Sunday, December 4th, 2022
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MADISON — A legislative committee on Thursday passed a resolution aimed at amending the state constitution to clarify that only U.S. citizens may vote in Wisconsin elections.

The Assembly Constitution and Ethics committee’s action moves Assembly Joint Resolution 54 one step closer to voters deciding the matter. AR 54 now heads to the Assembly floor for a vote. Proposed amendments to the Wisconsin constitution must pass in two consecutive sessions of the Legislature before the question can be placed on a state-wide ballot.

“Voting is an iconic embodiment of American civic life. It is more than just providing input to elected officials – it also comes with great civic responsibility,” said Assembly Majority Leader Jim Steineke (R-Kaukauna), who authored the Assembly resolution. Sen. Roger Roth (R-Appleton) authored the Senate version.

Several liberal cities have passed or are considering measures to give non-citizens the right to vote in municipal elections. New York City this week opened up voting to more than 800,000 non-citizens through a controversial law. The metropolis becomes the first major U.S. city to give widespread voting rights to non-citizens, although the move is expected to face an immediate challenge in court.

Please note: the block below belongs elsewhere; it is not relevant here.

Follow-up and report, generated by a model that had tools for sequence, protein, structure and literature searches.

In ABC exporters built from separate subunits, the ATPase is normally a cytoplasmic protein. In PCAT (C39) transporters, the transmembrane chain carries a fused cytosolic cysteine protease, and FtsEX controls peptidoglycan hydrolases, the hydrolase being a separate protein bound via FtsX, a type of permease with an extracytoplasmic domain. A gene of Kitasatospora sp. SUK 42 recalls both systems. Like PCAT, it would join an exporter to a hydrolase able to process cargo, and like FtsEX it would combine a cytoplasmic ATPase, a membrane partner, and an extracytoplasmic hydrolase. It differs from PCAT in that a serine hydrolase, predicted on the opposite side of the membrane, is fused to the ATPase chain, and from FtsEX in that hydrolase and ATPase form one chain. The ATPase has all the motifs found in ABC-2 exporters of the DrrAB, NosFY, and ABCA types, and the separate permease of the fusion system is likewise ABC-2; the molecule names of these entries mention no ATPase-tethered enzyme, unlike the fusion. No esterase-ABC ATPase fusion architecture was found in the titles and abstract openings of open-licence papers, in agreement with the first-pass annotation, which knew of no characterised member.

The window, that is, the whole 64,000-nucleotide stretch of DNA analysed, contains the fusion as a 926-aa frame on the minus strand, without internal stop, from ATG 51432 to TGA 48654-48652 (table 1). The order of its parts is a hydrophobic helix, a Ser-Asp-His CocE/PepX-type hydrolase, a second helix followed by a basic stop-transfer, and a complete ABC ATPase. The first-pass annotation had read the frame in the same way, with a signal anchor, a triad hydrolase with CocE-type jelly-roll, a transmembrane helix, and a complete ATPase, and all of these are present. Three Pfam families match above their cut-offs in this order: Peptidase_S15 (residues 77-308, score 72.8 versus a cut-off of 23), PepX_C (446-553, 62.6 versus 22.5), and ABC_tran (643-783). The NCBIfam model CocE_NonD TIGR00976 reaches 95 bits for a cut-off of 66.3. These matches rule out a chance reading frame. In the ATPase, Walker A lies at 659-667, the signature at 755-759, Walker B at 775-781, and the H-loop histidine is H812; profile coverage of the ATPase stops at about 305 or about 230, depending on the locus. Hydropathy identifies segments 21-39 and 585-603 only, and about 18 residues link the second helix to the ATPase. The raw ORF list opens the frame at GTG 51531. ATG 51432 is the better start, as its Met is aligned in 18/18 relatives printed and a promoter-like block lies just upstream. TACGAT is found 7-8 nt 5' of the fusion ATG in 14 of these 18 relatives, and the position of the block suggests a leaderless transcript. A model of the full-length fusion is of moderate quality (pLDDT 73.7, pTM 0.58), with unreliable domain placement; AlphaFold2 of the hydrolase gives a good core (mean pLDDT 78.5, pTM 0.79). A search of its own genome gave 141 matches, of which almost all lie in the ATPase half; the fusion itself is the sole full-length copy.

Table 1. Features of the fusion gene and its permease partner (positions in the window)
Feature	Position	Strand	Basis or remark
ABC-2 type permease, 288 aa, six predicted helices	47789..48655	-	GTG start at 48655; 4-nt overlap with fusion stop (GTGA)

“As of December 2021, at least 15 municipalities in the U.S. allowed noncitizens to vote in some or all local elections. One was in California, 11 were in Maryland, one was in New York, and two were in Vermont,” according to Ballotpedia.

Federal law requires U.S. citizenship to vote in national elections.

Wisconsin is one of about a dozen states that does not definitely prohibit non-citizens from voting.

The state constitution provides that all United States citizens are qualified electors, or individuals able to participate in elections. But it does not specify that only U.S. citizens can be eligible to vote.

The resolution would clarify the ambiguity so that only citizens are able to be qualified electors and vote in elections.

“Amending the state constitution is a long, but necessary process,” Steineke said. “Being an American citizen should mean something and this important amendment underscores the fact that only citizens should be casting ballots in our elections.”

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